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July 13, 1994|GRAHAME L. JONES

The 52-game, 24-team World Cup has come down to its final stages. Four teams have earned the right to play today for a berth in the final on Sunday at the Rose Bowl.



SITE: Rose Bowl at 4:30



If there is one characteristic that best describes Sweden's World Cup team it is balance. Other teams have a good defense, a good offense, a good midfield, a good goalkeeper, or a combination of two or more of the above. But 20 teams have fallen.

Sweden has reached the final four because it is good from top to bottom. It has no outstanding player in the mold of Romario or Roberto Baggio, but it also has no weak link. Coacy Tommy Svensson has built a team in the truest sense of the word.

The Swedish style is a no-nonsense brand of soccer, nothing very fancy but everything very effective. The 4-4-2 formation is worked to perfection, using a solid defense from which to launch attacks down either wing or over the top.

Goalkeeper Thomas Ravelli's vast experience makes up for his advanced years, and he came through during penalty kicks against Romania with two saves. The back line of Roger Ljung, Joachim Bjorklund, Patrik Andersson and Roland Nilsson can be beaten, but it takes some doing. Defensive midfielder Stefan Schwarz will miss the game because he received tow yellow cards against Romania. Midfielder Jonas Thern missed Sunday's match against Romania because of swollen knee and is listed as questionable for the semifinal.

The creative work is done by Thomas Brolin, who buzzes all over the field and has a phenomenal work rate, and Klas Ingesson. Up front, Martin Dahlin and Kennet Andersson have eight goals between them.

It all adds up to produce an increasingly confident squad that finished third in the 1992 European Championship and is assured of finishing no worse than fourth in the world.

World Cup '90

SWEDEN was in Group C and lost all three games by the same score, 2-1, eliminating it from the competition. It lost to Brazil, Scotland and Costa Rica.

SWEDEN COACH: Tommy Svensson

Age: 49

Born: March 4, 1945

Nationality: Swedish.

World Cup Experience: Played as a midfielder for Sweden in the 1970 World Cup in Mexico.

World Cup Record: 2-0-3.


SWEDEN (2-03)


SITE: Rose Bowl

RESULT: Tied Cameroon, 2-2

HIGHLIGHT: Dahlin goal 75th minute ties it.



SITE: Pontiac, Mich.

RESULT: Defeated Russia, 3-1

HIGHLIGHT: Dahlin scores on two headers



SITE: Pontiac, Mich.

RESULT: Tied Brazil, 1-1

HIGHLIGHT: Both teams content with a tie



SITE: Dallas

RESULT: Defeated Saudi Arabia, 3-1

HIGHLIGHT: Kennet Andersson scores twice



SITE: Palo Alto

RESULT: Tied Romania, 2-2**

HIGHLIGHT: Ravelli stops deciding penalty kick

**Advanced on penalty kicks, 5-4



1 Thomas Ravelli: GK

12 Lars Erikson: GK

22 Magnus Hedman: GK

2 Roland Nilsoon: D

3 Patrik Andersson: D

4 Joachim Bjorklund: D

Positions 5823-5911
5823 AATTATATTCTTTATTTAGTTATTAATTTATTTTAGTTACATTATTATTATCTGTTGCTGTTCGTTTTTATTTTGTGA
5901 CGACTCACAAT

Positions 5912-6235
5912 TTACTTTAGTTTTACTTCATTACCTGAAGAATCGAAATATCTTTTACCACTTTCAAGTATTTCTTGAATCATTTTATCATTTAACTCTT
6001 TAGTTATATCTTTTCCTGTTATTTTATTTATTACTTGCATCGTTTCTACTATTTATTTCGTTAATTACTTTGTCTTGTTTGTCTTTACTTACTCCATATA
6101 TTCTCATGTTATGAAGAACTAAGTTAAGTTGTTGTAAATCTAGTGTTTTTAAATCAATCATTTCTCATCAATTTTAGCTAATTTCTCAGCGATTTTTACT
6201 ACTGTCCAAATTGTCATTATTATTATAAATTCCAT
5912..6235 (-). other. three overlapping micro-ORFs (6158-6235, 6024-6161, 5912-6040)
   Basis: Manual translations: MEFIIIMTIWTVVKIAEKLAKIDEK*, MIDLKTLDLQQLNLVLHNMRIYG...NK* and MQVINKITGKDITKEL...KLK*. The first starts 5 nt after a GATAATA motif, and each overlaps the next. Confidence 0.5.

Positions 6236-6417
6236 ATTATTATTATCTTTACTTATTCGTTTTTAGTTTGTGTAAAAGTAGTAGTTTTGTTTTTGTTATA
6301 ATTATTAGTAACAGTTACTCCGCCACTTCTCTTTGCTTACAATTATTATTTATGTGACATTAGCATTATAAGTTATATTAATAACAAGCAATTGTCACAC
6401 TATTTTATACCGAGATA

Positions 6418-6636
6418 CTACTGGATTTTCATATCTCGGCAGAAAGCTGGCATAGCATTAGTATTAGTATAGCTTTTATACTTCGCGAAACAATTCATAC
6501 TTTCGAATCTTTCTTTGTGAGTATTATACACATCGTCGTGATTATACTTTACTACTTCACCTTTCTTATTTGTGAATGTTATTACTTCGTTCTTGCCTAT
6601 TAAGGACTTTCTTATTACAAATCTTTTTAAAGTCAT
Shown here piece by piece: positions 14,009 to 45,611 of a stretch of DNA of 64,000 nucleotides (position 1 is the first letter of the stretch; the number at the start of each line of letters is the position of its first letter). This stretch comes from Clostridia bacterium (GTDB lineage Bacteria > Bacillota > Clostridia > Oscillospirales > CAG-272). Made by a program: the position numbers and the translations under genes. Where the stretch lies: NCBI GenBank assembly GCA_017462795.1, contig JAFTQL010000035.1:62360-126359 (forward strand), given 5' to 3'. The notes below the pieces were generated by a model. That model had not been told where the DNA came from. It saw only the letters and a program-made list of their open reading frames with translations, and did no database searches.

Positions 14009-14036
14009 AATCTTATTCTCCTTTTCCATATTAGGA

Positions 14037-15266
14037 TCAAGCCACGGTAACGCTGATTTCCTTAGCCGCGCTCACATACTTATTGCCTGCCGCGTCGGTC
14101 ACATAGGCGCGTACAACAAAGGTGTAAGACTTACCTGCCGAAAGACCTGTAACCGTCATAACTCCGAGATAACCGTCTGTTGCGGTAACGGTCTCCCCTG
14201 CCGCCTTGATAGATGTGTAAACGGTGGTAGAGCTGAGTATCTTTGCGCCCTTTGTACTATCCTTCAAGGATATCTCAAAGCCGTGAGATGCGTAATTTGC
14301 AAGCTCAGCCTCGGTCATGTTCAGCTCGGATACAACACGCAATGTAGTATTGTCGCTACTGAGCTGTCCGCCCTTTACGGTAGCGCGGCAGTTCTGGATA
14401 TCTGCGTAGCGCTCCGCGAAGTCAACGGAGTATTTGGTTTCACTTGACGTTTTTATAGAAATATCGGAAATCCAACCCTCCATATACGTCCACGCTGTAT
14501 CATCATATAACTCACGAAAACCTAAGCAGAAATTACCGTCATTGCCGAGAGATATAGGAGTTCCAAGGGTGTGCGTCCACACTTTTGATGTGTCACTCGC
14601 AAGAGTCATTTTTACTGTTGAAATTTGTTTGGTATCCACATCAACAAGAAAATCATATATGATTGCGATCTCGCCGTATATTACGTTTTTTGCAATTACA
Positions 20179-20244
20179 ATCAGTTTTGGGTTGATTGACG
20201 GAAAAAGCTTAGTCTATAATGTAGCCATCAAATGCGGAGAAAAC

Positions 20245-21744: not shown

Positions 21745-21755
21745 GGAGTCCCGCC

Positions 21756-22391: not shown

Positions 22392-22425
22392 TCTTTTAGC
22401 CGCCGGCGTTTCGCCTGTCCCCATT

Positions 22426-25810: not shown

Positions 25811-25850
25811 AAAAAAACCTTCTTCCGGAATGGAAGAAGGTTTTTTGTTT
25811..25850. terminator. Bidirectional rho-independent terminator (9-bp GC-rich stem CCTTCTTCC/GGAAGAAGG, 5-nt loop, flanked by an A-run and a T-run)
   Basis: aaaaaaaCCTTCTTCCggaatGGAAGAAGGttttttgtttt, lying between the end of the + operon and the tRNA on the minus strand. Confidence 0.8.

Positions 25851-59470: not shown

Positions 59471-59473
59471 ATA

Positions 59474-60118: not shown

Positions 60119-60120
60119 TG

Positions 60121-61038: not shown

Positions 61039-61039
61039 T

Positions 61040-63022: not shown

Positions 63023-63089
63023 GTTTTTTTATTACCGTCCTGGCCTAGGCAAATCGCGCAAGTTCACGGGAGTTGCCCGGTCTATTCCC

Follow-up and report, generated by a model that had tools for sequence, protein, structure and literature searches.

5 Roger Ljung: D

13 Mikael Nilsson: D

14 Jan Eriksson: D

15 Pontus Kamark: D

6 Stefan Schwarz: MF

7 Henrik Larsson: MF

8 Klas Ingesson: MF

9 Jonas Thern: MF

16 Anders Limpar: MF

17 Stefan Rehn: MF

21 Jesper Blomqvist: MF

10 Martin Dahlin: F

11 Tomas Brolin: F

18 Hakan Mild: F

19 Kennet Andersson: F

20 Magnus Erlingmark: F


GK: Goalkeeper

D: Defender

MF: Midfielder

F: Forward



Before jumping on the bandwagon and buying a Brazilina shirt or hat, learning Portuguese or discovering long-lost relatives in Sao Paulo or Rio de Janeiro, remember one thing:

Brazil's current national team is neither the most talented nor the most entertaining side the country has produced.

For example, it pales in comparison with Brazil's 1970 World Cup-winning team, the most recent one to win the trophy. Goalkeeper Claudio Taffarel is solid but unspectacular. The defense, with the exception of the talented Jorginho, is adequate but no more. The midfield, from which all the inspiration should come, is more interested in defense than offense.

But Brazil has made up for these deficiencies by having two of the most finest strikers in the sport today. Forwards Romario and Bebeto, both of whom play in Spain, have given the team a sparkle that has fans raving.

The Brazilians have always been everybody's favorite "other" team, after their own country. It's no different this year. What is different is that Brazil had failed, at least until its game against the Netherlands, to come to life. It had won, certainly, but it had not dazzled fans with its overall play.

Part of the reason is team selection. Coach Carlos Alberto Parreira inexplicably left the gifted Valdo off his squad of 22 and has given the equally exciting Cafu limited playing time. Both would have helped provide the missing flair.

World Cup '90

BRAZIL swept through Group C, giving up only one goal in three games. Brazil wasn't as fortunate in the round of 16, as Claudio Canniggia scored in the 80th minute for Argentina, which held on to defeat Brazil, 1-0.

BRAZIL COACH: Carlos Alberto Parreira

Age: 51.

Born: March 25, 1943.

Nationality: Brazilian.

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